Strengthening Tax Avoidance Sanctions and Deterrents - CIOT comments
Where the sum payable for a property is contingent or uncertain, an application for deferment of SDLT will also have to be done within the 14 days rather than the current 30 days.
The CIOT recognised that for a straightforward residential sale and purchase transaction, filing the return and making payment within 14 days should not present difficulties particularly as good practice usually dictates that the preparation of the draft return is done at an early stage in the conveyancing process. Nevertheless 14 days (which includes non-working days) will significantly shorten the time available to file and pay before a fixed penalty is incurred particularly over bank holiday periods. It is possible that the shortened period will lead to an increase in appeals against fixed penalties levied under the current system although we noted that a new approach to penalties under the Making Tax Digital initiatives will inform the approach to penalties for late filing of SDLT returns.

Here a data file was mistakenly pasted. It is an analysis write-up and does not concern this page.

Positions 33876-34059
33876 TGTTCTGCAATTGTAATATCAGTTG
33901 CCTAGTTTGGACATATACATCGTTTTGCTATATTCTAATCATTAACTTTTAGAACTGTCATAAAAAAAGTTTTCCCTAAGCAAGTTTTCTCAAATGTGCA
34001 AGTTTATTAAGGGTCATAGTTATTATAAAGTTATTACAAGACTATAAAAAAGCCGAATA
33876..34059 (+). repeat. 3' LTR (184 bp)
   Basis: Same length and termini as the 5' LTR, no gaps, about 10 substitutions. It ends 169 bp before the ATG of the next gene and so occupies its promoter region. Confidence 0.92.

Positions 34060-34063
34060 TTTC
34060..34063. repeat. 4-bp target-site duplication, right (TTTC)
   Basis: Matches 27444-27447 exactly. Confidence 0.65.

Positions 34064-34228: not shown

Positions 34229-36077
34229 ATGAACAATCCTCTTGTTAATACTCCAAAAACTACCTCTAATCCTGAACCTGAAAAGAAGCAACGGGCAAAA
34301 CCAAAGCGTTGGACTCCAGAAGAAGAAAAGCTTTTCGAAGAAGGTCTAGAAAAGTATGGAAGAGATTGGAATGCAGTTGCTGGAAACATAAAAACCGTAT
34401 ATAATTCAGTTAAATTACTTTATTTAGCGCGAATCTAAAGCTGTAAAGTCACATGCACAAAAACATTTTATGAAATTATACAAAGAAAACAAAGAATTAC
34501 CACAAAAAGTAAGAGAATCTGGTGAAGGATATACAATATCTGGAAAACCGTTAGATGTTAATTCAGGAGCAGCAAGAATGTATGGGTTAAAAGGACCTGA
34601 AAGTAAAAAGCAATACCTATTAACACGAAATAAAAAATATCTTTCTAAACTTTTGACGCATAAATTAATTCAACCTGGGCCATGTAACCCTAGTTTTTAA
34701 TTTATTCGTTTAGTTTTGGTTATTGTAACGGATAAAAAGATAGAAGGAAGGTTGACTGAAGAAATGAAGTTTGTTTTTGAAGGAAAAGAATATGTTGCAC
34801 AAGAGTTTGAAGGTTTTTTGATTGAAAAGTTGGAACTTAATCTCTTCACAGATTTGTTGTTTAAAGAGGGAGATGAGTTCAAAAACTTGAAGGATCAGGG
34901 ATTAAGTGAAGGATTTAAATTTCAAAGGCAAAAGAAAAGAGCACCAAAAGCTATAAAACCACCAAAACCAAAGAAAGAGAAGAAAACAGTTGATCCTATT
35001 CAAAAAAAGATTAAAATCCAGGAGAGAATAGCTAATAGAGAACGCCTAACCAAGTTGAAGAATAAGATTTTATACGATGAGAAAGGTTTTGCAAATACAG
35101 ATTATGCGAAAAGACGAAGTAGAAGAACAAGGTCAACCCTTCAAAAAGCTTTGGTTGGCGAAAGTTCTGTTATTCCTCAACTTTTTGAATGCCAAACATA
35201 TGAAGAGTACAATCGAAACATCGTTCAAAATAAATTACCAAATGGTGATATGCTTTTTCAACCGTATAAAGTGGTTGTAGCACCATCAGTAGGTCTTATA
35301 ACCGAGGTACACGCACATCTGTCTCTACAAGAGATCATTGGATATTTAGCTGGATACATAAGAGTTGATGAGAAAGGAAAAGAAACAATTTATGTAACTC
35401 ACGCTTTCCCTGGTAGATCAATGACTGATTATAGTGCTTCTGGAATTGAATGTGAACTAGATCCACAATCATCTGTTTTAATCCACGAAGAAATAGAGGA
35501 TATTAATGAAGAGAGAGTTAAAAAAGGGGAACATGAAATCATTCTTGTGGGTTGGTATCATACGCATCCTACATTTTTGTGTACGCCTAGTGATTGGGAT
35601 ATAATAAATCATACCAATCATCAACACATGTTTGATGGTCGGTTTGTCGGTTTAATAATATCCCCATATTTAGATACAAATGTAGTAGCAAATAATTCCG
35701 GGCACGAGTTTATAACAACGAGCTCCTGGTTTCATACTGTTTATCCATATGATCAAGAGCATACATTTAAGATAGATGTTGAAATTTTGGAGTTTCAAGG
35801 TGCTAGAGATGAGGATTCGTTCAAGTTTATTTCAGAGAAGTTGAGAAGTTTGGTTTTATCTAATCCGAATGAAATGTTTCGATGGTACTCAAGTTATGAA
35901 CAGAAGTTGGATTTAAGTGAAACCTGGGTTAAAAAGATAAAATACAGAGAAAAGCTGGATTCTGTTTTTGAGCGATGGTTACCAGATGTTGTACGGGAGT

We thought the shortened period will present difficulties for firstly, complex commercial transactions requiring detailed enquiries to establish the information required for the return and secondly, for deferment applications in the case of contingent or uncertain consideration that have to be made by the filing date.
A suggestion to meet the difficulties involved in a shortened filing period, at least in part, is to designate the 14 days as 14 working days. Furthermore, ideally the reduction to 14 days might be balanced by a conclusion to the VOA review of the rating data such that rating information is not required to be entered on the SDLT forms at all, but is collected by other means.
We also suggested that that the application process to defer to payment of SDLT (in the case of uncertain or contingent consideration) is decoupled from the return filing deadline with the return merely confirming that a deferment application is being/has been.